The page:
Here’s a post from a week or so ago that I haven’t flagged previously. Cryptopath is discussing “iPhone PKI handling flaws.” The introductory paragraph is worth quoting in itself:
The iPhone is obviously a consumer market product which was later enhanced to become an enterprise device…
A later post from Dennis Fisher at Kaspersky from 2nd February quotes (at length) from Charlie Miller of Independent Security Evaluators. Some of the work ISE has done has been pretty controversial: in particular, the lab work on anti-malware testing for Consumer Reports.
However, Charlie casts a long shadow in Apple vulnerability research, and his summary bears repeating:
“You can make any part of the phone not work. You definitely don’t get to run code, but there’s lots of nasty things you can do. You can make applications not work, make it so that you can’t remove this config file,” Miller said. “At the very least, you can make someone’s day miserable.”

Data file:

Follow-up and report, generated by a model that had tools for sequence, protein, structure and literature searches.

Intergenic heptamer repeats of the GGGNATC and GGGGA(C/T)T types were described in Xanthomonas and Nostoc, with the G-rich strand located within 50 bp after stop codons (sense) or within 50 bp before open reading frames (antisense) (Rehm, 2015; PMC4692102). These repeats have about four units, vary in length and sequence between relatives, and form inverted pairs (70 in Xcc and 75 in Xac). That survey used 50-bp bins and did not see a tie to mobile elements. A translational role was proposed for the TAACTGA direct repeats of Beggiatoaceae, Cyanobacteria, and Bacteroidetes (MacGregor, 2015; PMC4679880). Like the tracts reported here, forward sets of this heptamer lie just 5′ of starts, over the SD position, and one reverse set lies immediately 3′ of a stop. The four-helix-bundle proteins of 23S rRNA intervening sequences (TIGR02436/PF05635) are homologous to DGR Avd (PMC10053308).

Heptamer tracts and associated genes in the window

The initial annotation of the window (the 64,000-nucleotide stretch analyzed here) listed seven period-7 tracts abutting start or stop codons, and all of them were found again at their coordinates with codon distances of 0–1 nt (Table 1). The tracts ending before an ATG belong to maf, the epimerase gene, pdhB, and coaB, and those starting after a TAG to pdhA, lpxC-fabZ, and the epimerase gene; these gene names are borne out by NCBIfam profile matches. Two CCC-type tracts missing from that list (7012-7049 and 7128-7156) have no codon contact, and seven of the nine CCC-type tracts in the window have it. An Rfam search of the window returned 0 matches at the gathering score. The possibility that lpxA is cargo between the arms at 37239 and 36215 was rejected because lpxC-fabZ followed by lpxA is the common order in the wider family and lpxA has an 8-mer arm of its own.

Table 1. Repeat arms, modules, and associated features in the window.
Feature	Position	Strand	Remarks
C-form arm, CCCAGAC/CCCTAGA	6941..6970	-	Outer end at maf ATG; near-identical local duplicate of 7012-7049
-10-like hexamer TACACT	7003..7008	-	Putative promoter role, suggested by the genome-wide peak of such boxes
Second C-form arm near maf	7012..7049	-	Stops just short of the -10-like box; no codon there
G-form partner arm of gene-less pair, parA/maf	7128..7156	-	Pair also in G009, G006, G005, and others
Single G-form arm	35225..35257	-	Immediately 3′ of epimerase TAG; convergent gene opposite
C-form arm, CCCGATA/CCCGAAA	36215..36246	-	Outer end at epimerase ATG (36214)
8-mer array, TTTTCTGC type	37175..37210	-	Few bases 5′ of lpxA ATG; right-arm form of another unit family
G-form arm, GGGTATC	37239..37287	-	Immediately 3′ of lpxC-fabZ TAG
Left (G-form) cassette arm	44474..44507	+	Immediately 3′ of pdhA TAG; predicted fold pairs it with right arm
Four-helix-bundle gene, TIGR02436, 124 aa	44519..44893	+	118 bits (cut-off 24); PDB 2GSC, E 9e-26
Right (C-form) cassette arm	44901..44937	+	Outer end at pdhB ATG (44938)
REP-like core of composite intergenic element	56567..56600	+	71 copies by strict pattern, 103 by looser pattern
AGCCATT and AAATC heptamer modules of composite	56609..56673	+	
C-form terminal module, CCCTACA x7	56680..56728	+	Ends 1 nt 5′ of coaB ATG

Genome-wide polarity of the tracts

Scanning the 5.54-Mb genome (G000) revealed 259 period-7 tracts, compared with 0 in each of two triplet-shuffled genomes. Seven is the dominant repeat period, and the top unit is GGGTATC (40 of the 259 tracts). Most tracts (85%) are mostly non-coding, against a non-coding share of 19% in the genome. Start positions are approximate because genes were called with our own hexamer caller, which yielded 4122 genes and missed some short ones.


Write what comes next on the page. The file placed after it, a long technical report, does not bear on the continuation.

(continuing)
That may sound like the sort of stuff that will only interest the sort of hobbyist hacking you may not associate with enterprise-level technology usage. However, there are ways you can make money out of denying service. And the way in which attempts to exploit an issue with jailbroken iPhones escalated from trivial “pranks” to a functioning botnet indicates the way in which industrial-strength cybercriminals are always watching for a “business opportunity”.
David Harley FBCS CITP CISSP
Small Blue-Green World
AVIEN Chief Operations Officer
ESET Research Fellow & Director of Malware Intelligence